Seagram Museum Donates Rare Books, Archives to the UW Library

Friday, August 1, 1997

Library Newsletter, Vol. 28, No. 2, August 1997

Seagram Museum Donates Rare Books,
Archives to the UW Library

Compleat Body of Distilling

Frontispiece from Smith's A Compleat Body of Distilling Explaining the Mysteries of that Science in a most easy and familiar Manner. (London, 1731)

The Seagram Museum of Waterloo has announced that its 900-volume rare book collection as well as its early archival collections have been donated to the University of Waterloo Library.

To be housed in the recently expanded and environmentally controlled Doris Lewis Rare Book Room, both the book and archival collections will complement the Library's existing research collections in the fields of chemistry, chemical engineering, and the history of technology as well as the decorative arts, temperance, and social history.

Earliest of the imprints in the rare book collection is Konrad Gesner's famous book on distillation, De Secretis Remediis aut Potius Thesaurus, printed in Zurich in 1554. Among the other notable and in some cases irreplaceable volumes are the first edition of Livre du Vigneron et du Fabricant de autres vins de fruits, by Joseph Mauny de Mornay, Paris, 1838.

The finely bound and carefully assembled collections on distillation and the beverage alcohol industry will provide fine resources for the study of one of the early and well-known industries of the Waterloo area.

Archival collections, comprising the papers of the Seagram family and the early (pre-1928) records from the Joseph E. Seagram and Sons Ltd. Waterloo plant, will add significant resources to the Library's existing manuscripts and papers documenting the local and urban history of the Waterloo area.

The Seagram family papers will be a welcome addition to the papers of other families influential in the business, cultural, and political history of this area, such as the Breithaupt, Motz, Bowlby, and Clement families.

The early records of the Waterloo plant will augment other collections of local businesses and institutions such as those of the K-W Record, Forbes Woollen mills, and the local YWCA and YMCA by providing new areas of exploration and research for students of history, economics, geography, and sociology.

This gift of a portion of the Seagram Museum's cultural properties continues the tradition of support of the university by both the Bronfmans and Seagram Co. Ltd. The tradition began in UW's founding year with the gift of Seagram Stadium, the university's first permanent facility.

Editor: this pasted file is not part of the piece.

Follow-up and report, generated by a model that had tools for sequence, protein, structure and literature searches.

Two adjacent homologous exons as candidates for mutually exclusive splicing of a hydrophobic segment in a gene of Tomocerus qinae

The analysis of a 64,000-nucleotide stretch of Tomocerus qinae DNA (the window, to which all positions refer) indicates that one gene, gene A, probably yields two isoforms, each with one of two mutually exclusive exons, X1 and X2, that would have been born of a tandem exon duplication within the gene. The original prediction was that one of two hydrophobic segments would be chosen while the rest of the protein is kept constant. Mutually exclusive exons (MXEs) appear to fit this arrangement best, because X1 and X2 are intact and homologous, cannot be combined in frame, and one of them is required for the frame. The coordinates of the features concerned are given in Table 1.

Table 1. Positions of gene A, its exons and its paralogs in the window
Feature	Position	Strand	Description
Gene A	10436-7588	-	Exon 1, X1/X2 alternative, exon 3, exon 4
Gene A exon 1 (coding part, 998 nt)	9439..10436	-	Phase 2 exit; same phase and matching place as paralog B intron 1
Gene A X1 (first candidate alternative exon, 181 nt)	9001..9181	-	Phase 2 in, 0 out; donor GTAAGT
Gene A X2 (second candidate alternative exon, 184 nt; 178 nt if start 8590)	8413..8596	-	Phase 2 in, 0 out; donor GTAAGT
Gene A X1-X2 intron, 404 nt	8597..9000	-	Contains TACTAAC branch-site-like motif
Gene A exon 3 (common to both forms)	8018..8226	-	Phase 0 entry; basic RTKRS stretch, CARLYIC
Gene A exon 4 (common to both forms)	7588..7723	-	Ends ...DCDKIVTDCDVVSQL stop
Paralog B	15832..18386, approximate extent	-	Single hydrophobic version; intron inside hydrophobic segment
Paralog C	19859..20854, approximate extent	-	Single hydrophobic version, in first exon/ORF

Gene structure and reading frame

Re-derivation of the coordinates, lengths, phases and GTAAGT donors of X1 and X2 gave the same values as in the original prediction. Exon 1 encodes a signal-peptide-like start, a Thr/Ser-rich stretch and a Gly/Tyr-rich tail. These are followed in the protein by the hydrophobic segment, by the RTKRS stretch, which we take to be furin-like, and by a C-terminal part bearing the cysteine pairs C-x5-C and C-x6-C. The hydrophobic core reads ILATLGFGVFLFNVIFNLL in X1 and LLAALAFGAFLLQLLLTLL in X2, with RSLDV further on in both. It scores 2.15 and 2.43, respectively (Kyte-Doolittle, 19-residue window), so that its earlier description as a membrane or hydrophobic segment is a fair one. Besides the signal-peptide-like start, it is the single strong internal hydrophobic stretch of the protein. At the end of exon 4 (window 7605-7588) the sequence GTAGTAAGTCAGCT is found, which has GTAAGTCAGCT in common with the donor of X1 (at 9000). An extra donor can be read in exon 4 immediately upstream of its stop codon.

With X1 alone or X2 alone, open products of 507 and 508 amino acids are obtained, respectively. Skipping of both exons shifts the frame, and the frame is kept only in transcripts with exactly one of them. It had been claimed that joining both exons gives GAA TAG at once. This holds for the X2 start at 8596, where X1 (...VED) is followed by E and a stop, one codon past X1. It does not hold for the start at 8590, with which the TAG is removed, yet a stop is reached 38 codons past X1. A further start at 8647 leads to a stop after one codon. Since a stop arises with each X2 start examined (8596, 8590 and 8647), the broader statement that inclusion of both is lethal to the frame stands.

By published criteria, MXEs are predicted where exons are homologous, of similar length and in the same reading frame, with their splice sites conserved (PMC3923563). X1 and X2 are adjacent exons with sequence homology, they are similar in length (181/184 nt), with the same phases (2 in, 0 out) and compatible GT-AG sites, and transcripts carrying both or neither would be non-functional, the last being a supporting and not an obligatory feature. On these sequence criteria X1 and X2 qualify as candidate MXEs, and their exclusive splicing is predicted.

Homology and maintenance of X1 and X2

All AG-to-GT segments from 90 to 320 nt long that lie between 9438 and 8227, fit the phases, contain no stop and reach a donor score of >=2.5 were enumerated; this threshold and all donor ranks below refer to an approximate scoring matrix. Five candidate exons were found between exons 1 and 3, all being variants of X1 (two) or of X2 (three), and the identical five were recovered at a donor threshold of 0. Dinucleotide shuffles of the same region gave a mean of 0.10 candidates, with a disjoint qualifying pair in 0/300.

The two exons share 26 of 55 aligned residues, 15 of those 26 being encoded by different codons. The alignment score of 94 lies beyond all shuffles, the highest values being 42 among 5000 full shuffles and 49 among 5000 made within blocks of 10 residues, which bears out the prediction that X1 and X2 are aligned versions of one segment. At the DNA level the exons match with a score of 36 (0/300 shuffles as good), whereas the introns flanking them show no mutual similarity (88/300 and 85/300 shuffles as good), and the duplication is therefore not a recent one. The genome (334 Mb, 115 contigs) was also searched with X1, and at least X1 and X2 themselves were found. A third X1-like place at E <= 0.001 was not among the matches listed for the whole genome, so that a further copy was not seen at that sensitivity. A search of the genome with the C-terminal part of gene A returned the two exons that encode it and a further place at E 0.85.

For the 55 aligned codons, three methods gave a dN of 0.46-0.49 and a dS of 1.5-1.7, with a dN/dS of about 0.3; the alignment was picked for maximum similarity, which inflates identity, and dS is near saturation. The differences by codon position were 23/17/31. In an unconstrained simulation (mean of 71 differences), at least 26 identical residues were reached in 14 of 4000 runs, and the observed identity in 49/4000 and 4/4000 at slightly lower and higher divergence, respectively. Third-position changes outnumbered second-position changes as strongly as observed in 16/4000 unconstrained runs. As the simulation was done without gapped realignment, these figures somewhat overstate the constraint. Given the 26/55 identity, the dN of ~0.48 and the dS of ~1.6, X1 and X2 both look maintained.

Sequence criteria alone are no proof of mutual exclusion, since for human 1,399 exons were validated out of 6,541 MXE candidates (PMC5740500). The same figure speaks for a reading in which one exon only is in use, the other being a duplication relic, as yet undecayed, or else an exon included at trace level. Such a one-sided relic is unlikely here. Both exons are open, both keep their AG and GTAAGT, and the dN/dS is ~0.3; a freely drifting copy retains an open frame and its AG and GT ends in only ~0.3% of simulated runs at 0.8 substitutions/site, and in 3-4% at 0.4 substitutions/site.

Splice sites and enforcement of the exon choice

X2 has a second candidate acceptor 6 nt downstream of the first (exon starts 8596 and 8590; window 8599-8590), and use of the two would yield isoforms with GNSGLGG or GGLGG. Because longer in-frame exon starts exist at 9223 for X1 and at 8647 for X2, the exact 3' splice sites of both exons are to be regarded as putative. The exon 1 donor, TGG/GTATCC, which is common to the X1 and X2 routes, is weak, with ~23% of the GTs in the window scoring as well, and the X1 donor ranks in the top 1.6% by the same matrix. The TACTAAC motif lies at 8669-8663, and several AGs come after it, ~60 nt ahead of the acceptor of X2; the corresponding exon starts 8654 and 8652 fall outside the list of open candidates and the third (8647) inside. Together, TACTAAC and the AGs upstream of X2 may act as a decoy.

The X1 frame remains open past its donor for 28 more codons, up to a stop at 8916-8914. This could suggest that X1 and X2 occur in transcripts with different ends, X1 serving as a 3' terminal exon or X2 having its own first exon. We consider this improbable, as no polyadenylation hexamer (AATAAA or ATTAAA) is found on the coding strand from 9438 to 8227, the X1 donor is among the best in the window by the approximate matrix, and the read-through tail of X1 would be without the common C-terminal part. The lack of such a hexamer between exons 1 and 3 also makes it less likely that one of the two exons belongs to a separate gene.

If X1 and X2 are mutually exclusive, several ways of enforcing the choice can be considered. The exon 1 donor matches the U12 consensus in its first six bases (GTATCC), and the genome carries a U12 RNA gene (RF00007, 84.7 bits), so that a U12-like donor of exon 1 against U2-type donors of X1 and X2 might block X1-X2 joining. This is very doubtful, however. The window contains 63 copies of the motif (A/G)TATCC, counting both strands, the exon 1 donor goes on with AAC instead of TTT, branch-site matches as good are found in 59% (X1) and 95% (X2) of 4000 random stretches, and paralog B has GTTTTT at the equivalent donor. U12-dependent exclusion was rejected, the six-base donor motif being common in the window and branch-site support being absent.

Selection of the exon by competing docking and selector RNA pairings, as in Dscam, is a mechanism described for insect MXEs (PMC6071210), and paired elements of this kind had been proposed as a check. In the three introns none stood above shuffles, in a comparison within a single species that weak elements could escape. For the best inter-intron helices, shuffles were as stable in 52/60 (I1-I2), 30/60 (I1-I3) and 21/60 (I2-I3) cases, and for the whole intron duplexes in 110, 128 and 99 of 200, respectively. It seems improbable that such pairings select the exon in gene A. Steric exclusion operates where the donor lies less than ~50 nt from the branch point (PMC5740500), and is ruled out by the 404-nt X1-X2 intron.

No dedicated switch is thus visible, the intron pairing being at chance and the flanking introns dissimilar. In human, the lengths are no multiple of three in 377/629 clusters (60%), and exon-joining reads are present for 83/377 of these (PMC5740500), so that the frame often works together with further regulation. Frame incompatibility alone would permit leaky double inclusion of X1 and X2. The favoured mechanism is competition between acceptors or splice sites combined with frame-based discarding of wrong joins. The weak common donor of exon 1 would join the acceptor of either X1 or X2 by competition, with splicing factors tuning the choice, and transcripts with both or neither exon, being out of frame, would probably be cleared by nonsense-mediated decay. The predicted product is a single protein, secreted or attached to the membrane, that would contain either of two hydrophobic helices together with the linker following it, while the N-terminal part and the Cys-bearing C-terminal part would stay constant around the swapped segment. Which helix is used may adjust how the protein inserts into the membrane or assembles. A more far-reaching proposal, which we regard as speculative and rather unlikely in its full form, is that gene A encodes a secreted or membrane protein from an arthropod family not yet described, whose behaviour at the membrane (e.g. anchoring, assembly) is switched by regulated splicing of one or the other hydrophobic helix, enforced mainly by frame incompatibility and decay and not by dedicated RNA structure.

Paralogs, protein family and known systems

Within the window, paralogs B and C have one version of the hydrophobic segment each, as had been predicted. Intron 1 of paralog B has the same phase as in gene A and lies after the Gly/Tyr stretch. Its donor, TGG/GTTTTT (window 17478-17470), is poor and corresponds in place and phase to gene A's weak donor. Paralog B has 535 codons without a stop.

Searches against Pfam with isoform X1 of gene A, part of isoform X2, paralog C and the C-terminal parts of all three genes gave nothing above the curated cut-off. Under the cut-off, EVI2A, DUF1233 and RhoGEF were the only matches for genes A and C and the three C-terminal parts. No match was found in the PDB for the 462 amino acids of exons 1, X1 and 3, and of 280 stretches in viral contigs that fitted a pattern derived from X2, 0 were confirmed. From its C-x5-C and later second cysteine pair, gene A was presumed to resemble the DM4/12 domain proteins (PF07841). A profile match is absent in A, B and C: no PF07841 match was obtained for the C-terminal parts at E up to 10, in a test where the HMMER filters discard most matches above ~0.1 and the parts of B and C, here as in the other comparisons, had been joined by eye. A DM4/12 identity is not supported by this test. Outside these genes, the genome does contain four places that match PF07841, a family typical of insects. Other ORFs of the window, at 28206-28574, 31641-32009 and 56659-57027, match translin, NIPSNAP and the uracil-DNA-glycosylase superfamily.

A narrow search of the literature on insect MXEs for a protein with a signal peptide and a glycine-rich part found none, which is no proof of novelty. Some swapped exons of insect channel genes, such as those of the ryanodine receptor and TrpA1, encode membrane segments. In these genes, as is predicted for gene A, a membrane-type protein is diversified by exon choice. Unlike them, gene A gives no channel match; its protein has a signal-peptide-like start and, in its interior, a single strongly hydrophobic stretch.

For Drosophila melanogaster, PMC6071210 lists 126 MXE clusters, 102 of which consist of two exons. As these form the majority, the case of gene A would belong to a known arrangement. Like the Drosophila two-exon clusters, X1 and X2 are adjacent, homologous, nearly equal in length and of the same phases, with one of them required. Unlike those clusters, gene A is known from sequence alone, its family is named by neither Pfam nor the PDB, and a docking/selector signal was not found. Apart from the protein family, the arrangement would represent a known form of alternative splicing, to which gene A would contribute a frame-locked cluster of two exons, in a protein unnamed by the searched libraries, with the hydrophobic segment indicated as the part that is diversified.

The Doris Lewis Rare Book Room houses the Library's 30,000 rare books and 1,500 linear feet of archival and manuscript collections that support the goals of the teaching and research programs of the faculty and students at UW.

Nationally known for its archival and rare book holdings on the history of Canadian women as well as Canada's only collection of rare books on the history of dance and ballet, the Rare Book Room also houses significant treatises in architecture, urban and regional planning, and the history of mathematics and Euclid's Elements of Geometry.

Most recently, the area of subject strength has been augmented by the gift of an important environmental archive, the Papers of the Canadian Coalition on Acid Rain.

workers bottling Seagrams whisky

"Bottling of Seagram's V.O. in Waterloo Plant, Ontario, 1928." From the archives of Joseph E. Seagram and Sons Ltd.

The rare and special book collections are catalogued and available via the Internet through the Library's on-line catalogue, TRELLIS. Detailed archival finding aids are also available. Summary descriptions as well as selected guides are available via the library website.

Among the Seagram Museum collections being dispersed after it closed earlier this year, Wilfrid Laurier University in Waterloo will receive the prints, paintings, lithographs, and works on paper, while Brock University in St. Catharines will obtain the wine-related library, artifacts, and historic wine bottles. The museum's conservation laboratory equipment and supplies are being donated to the Waterloo Regional Curatorial Centre.

For more information contact Special Collections & Archives.

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